The defendant arrived at the major crimes division around4:55 p.m. and signed a form waiving his Miranda rights at 6:35 p.m. Between the time he arrived at the major crimes division and the time he was ‘‘ ‘book[ed], ' '' several detectives interviewed him, including Detective Luis Poma. At some point in the evening, the defendant asked to speak with Kasandra Rivera and a detective facilitated that call. With police present, the defendant spoke with Kasandra Rivera on a detective's desk phone and admitted that he had shot the victims. The time of his Miranda waiver relative to the time of his statements to Poma and Kasandra Rivera is unclear from the record.

         On March 12, 2014, in a long form information, the state charged the defendant with capital felony in violation of §§ 53a-54b (7) and 53a-8 (a), two counts of murder in violation of §§ 53a-54a (a) and 53a-8 (a), and conspiracy to commit murder in violation of §§ 53a-48 (a) and 53a-54a (a). Following a trial, the jury found the defendant guilty on all charges. The court imposed a sentence of life without the possibility of release for capital felony, sixty years each for the murder counts, and ten years for conspiracy to commit murder, consecutive to the capital felony sentence. In accord with existing precedent, however, the court vacated the murder convictions. See State v. Polanco, 308 Conn. 242, 245, 61 A.3d 1084 (2013) (when defendant convicted of greater and lesser included offenses, lesser included offense must be vacated). This appeal followed. Further facts will be set forth where relevant to the issues raised by the defendant.

         I

         The defendant first claims that the court violated his constitutional rights by allowing evidence before the jury of inculpatory statements that he made before he had been advised of his Miranda rights. The purported inculpatory statements included statements made to Poma during an alleged custodial interrogation and statements made over the telephone to Kasandra Rivera and overheard by detectives. The defendant concedes that he did not raise this or his other claim that he did not waive his Miranda rights voluntarily, knowingly, or intelligently at trial, but argues that he may raise his claims pursuant to Golding.[3] The state argues that, because the record is inadequate for review, the defendant's claim fails the first prong of Golding. We agree with the state.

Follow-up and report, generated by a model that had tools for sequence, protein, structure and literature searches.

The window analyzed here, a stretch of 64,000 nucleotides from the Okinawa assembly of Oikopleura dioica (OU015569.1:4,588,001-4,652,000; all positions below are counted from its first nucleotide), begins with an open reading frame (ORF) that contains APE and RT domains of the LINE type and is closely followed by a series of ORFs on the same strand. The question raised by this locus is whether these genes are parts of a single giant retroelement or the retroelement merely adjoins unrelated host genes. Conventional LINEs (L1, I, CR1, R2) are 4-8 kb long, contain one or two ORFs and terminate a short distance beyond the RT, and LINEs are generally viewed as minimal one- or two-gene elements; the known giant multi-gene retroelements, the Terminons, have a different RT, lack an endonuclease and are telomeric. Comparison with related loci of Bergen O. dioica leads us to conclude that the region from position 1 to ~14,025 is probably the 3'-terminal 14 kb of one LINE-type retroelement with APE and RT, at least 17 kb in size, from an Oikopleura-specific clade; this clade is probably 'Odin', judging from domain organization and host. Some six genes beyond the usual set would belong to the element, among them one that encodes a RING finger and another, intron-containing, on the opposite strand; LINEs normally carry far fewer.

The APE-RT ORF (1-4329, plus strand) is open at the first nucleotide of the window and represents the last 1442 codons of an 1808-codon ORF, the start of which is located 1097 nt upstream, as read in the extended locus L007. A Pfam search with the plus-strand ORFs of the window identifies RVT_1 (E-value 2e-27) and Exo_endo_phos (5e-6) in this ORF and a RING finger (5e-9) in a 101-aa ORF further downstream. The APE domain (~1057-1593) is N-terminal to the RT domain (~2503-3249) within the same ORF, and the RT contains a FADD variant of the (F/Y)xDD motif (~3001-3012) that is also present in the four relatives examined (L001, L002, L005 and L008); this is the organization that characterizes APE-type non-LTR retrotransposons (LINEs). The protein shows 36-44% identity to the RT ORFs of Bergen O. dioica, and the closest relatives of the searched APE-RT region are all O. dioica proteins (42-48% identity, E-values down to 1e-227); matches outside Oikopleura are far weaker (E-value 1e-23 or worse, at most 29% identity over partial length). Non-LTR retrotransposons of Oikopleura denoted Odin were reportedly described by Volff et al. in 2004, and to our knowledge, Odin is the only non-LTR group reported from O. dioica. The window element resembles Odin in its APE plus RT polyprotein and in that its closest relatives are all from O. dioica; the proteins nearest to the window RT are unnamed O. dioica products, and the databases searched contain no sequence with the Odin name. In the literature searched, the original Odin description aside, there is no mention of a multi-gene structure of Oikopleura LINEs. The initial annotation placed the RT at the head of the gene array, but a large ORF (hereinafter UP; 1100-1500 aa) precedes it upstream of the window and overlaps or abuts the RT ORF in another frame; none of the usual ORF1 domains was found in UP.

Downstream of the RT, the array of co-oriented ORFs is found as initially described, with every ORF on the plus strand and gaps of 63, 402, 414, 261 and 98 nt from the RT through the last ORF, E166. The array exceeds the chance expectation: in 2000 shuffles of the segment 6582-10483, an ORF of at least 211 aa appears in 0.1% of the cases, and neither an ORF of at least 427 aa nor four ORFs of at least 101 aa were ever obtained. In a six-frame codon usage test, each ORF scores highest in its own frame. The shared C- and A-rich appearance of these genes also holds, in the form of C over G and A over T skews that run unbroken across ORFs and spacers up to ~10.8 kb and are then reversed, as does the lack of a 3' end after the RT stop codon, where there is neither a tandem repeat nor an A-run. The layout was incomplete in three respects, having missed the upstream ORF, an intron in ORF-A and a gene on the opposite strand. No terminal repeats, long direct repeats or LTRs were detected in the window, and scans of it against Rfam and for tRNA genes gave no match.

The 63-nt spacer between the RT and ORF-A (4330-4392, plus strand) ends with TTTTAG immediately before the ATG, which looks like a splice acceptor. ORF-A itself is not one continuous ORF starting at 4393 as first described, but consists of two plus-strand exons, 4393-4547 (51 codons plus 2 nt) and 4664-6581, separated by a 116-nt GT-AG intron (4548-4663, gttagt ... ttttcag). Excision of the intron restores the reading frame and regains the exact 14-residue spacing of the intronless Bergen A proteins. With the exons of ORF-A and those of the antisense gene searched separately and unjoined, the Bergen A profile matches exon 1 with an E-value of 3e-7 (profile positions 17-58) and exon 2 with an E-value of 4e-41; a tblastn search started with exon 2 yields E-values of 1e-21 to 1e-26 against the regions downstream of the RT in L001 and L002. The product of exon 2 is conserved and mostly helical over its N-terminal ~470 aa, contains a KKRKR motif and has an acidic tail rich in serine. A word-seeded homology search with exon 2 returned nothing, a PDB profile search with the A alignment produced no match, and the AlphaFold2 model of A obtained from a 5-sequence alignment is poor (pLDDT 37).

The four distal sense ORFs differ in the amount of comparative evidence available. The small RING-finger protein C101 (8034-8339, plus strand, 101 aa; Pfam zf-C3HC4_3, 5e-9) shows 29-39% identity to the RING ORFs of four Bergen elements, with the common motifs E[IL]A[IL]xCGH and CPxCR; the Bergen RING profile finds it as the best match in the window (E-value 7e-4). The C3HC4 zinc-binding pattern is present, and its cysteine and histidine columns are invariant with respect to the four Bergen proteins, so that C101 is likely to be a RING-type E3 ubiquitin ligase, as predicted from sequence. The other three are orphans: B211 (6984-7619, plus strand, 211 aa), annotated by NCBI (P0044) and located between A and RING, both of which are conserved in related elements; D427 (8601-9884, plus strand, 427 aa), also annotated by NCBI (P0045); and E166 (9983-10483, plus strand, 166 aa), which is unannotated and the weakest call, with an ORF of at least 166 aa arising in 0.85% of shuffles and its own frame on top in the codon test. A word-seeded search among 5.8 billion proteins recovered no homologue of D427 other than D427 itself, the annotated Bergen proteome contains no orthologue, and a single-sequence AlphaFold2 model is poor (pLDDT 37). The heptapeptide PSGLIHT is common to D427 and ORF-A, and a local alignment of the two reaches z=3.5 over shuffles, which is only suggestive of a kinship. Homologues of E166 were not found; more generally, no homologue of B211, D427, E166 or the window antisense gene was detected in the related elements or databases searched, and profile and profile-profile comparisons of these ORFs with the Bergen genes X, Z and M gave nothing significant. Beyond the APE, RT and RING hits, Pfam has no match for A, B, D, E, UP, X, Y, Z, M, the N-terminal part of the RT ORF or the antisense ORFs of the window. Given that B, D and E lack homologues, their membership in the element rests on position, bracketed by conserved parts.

Before addressing the defendant's claim, we set forth the applicable standard of review. ‘‘Under Golding, a criminal defendant can prevail on an unpreserved claim of constitutional error if all of the following conditions are met: (1) the record is adequate to review the alleged claim of error; (2) the claim is of constitutional magnitude alleging the violation of a fundamental right; (3) the alleged constitutional violation . . . exists and . . . deprived the defendant of a fair trial; and (4) if subject to harmless error analysis, the state has failed to demonstrate harmlessness of the alleged constitutional violation beyond a reasonable doubt.'' (Internal quotation marks omitted.) State v. Edmonds, 323 Conn. 34, 48 n.8, 145 A.3d 861 (2016). ‘‘[U]nless the defendant has satisfied the first Golding prong, that is, unless the defendant has demonstrated that the record is adequate for appellate ...